Rocket to the Moon

  • Our critic's rating:
    Wednesday, March 30, 2011
    Review by:
    Peter Brown

    As the thermometer rises inexorably in the heat of a New York summer, so does the emotional temperature in the office of dentist, Ben Stark. It's the 1930s and the depression still looms like a giant black bird stretching its wings over the city and economy. Ben earns a mere $60 dollars a week, but fares better than his fellow dentist and office tenant, Cooper (Peter Sullivan), who has to resort to selling his blood to pay Ben his rent. In my experience, at least, it's usually patients who have to sell blood to pay dental fees – obviously times have changed.

    The play starts with Ben and his wife, Belle, discussing a possible office move to another neighbourhood. Keeley Hawes's Belle is a woman who not only knows her own mind, but is also not to be trifled with, and obviously used to getting her own way. The office move is knocked on the head, particularly because Belle's father has a hand in the idea – and Belle doesn't speak with her father. “Being a dentist's wife is no joke”, she says, but it also appears it's not a lot of laughs being her husband. Mild-mannered Ben takes all in his stride until, that is, his new secretary-cum-assistant, Cleo, offers him a chance to 'take a rocket to the moon' and change his life forever. That idea is initially suggested to Ben by his father-in-law, Mr Prince, a cavalier and hugely successful entrepreneur who nonetheless harbours a desire to be an actor. His ambitions, though, are sidelined as his attention also becomes focused on Cleo's naïve charm and beauty.

    I wasn't sure quite what to make of Jessica Raine's clumsily awkward and naive Cleo during the first few minutes. But here's a situation where patience reaps its own rewards, as does trusting the actor. As the play moves on and we learn more about her, the characterisation becomes strikingly clear and the result is a compelling performance. Almost 20, Cleo lives in a cramped flat where 8 people share the meagre facilities. She longs for the space to be herself, and dreams of success. “Happiness is everything”, she says, and she seeks it desperately.

    Joseph Millson, as Ben, describes a man who longs to change his life, but lacks decisiveness. Nicholas Woodeson ably convinces as the roguish Mr Prince whose flair for making money is matched by his conversational ability. And there's excellent support from Sebastian Armesto as Frenchy, the doctor from a neighbouring office, who acts almost as observer and interpreter of the events unfolding in the office.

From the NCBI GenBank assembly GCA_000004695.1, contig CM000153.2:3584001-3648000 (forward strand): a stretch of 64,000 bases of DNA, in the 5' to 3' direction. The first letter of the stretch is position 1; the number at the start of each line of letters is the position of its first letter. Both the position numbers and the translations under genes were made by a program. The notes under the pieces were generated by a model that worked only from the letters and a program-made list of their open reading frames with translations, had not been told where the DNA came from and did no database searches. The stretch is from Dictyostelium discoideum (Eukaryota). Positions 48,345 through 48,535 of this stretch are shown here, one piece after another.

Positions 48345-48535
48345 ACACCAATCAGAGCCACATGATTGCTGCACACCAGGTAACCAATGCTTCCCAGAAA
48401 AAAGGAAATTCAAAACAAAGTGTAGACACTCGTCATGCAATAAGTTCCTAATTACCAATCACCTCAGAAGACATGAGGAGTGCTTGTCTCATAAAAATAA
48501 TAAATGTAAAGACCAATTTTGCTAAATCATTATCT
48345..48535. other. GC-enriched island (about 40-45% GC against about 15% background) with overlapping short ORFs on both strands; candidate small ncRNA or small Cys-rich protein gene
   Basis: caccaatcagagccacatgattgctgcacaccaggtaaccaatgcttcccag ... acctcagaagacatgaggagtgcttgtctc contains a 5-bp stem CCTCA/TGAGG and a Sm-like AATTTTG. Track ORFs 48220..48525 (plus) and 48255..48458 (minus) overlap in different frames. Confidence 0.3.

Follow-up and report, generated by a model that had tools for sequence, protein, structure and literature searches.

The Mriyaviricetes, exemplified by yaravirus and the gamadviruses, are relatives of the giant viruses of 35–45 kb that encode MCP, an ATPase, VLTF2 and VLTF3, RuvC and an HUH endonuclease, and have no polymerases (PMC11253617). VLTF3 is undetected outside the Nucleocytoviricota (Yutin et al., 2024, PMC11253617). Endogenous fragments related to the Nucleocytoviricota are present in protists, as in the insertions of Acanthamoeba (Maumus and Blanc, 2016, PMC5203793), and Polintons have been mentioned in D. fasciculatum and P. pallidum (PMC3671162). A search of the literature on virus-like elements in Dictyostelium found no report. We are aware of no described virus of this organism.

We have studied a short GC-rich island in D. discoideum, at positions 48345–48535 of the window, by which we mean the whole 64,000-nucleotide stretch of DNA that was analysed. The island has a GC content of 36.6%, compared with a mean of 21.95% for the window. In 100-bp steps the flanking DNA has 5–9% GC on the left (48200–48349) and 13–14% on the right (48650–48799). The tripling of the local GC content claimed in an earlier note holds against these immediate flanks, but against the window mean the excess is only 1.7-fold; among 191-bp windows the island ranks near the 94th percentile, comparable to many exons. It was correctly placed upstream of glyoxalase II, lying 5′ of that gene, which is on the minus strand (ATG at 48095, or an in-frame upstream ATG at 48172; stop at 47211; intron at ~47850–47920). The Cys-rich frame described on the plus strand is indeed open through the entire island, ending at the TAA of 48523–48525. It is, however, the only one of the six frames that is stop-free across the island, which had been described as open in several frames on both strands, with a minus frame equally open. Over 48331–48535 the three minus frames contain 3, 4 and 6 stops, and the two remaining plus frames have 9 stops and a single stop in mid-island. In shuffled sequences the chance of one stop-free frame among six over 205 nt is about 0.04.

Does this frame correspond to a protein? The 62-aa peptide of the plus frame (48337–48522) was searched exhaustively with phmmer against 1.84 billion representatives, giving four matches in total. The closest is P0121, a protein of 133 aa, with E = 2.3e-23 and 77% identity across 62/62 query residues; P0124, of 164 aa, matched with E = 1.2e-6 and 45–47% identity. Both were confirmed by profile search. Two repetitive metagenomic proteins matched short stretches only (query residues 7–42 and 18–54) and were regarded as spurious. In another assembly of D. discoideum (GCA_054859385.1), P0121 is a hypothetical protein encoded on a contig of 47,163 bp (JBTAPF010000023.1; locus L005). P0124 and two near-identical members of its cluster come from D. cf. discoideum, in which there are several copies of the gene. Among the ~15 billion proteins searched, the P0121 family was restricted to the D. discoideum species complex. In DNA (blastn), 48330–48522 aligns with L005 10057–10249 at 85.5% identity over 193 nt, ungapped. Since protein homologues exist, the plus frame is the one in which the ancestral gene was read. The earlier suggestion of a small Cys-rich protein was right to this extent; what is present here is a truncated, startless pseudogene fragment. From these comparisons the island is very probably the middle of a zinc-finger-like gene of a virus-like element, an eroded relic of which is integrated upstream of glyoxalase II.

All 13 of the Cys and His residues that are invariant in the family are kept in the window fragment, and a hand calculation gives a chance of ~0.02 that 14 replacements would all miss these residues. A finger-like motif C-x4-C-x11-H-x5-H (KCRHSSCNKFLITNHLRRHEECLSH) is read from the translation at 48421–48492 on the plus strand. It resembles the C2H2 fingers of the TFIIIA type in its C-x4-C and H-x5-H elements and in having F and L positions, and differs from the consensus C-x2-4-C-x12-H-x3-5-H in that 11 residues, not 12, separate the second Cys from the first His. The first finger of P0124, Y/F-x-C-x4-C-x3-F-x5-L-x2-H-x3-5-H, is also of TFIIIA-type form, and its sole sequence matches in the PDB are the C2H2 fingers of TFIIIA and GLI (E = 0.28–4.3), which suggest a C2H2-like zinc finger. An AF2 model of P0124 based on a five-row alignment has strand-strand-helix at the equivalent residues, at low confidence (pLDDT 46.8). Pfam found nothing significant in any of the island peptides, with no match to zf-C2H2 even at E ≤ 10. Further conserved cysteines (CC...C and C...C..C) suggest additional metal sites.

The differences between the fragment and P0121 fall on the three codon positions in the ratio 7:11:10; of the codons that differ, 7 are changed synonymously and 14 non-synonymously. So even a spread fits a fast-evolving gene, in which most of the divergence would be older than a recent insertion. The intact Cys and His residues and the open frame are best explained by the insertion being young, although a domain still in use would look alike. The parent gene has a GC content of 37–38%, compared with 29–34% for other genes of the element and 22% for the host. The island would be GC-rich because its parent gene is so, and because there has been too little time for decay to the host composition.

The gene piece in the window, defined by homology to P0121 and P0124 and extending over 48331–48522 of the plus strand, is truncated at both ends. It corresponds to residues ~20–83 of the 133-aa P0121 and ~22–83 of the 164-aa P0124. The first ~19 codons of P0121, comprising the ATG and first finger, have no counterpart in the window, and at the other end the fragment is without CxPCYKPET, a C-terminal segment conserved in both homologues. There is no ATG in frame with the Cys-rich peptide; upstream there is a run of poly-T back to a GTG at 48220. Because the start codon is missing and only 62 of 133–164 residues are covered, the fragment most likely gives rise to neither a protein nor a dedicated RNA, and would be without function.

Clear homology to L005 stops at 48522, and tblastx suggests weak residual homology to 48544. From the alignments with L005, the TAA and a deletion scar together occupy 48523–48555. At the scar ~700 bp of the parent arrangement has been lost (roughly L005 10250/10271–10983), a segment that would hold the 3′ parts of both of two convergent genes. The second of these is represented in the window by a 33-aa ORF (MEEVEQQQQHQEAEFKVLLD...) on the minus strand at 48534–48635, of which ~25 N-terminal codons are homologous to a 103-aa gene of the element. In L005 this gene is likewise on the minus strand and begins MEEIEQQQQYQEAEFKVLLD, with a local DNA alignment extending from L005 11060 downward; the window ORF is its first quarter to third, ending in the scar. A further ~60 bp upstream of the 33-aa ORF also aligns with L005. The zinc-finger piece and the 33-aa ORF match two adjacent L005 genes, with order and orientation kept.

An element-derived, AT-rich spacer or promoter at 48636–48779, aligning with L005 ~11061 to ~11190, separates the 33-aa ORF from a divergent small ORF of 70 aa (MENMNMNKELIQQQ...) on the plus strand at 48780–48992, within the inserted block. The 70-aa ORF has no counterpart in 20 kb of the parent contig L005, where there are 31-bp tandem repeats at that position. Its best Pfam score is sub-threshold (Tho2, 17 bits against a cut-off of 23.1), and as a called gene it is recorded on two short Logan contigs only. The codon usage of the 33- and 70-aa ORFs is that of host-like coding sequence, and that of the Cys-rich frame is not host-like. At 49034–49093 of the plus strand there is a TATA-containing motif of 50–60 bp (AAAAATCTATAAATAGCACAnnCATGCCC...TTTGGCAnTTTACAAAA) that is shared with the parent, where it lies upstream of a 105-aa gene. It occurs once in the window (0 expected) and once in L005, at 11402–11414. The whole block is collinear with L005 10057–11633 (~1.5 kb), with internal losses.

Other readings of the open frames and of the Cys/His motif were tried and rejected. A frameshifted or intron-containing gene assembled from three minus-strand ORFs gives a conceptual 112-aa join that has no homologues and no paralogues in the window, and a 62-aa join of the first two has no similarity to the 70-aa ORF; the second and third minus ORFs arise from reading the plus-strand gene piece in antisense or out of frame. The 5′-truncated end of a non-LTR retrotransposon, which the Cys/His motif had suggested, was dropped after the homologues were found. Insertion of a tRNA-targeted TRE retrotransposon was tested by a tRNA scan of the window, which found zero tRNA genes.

Anthony Ward's impressively authentic set, though spacious on the interior, provides a claustrophobic atmosphere with neighbouring office blocks pressing in on almost every side. There's great attention to detail with even a large stain on the office ceiling signifying the austerity of the times. And when the summer heat breaks, the rain pours down through the gaps between the buildings, cooling not only the city, but the emotional intensity generated in the dentist's office.

    First produced in 1938, the play not only shows the desperation of economic deprivation as embodied in the character of Phil Cooper (excellently played by Peter Sullivan), but also explores the nature of love and the American desire to achieve. There's not much in the way of action here. What matters is the dialogue and the development of the interaction between the characters. Angus Jackson's pacey and thoughtful direction not only maintains the momentum, but also keeps us dangling on a thread intrigued to know what the final outcome will be. However, as the story unfolds, it's not hard to predict how things will work out, given the nature of the characters involved. But that doesn't matter so much, because the real enjoyment here is in Clifford Odet's writing which is funny, acutely observed and incorporates a rich vein of metaphor.


    "Mildly underwhelming 1938 drama."
    Fiona Mountford for The Evening Standard

    "Although the play is clumsily structured, Odets captures the quality of desperation that haunted Depression-era America."
    Michael Billington for The Guardian

    "There are moments here of the acerbic New York repartee that was his great gift, but not nearly enough of them. For much of its length the show merely plods along, telling a banal story at tortuous length...this play about a dentist proves only marginally more entertaining than several hours of root canal work. "
    Charles Spencer for The Daily Telegraph


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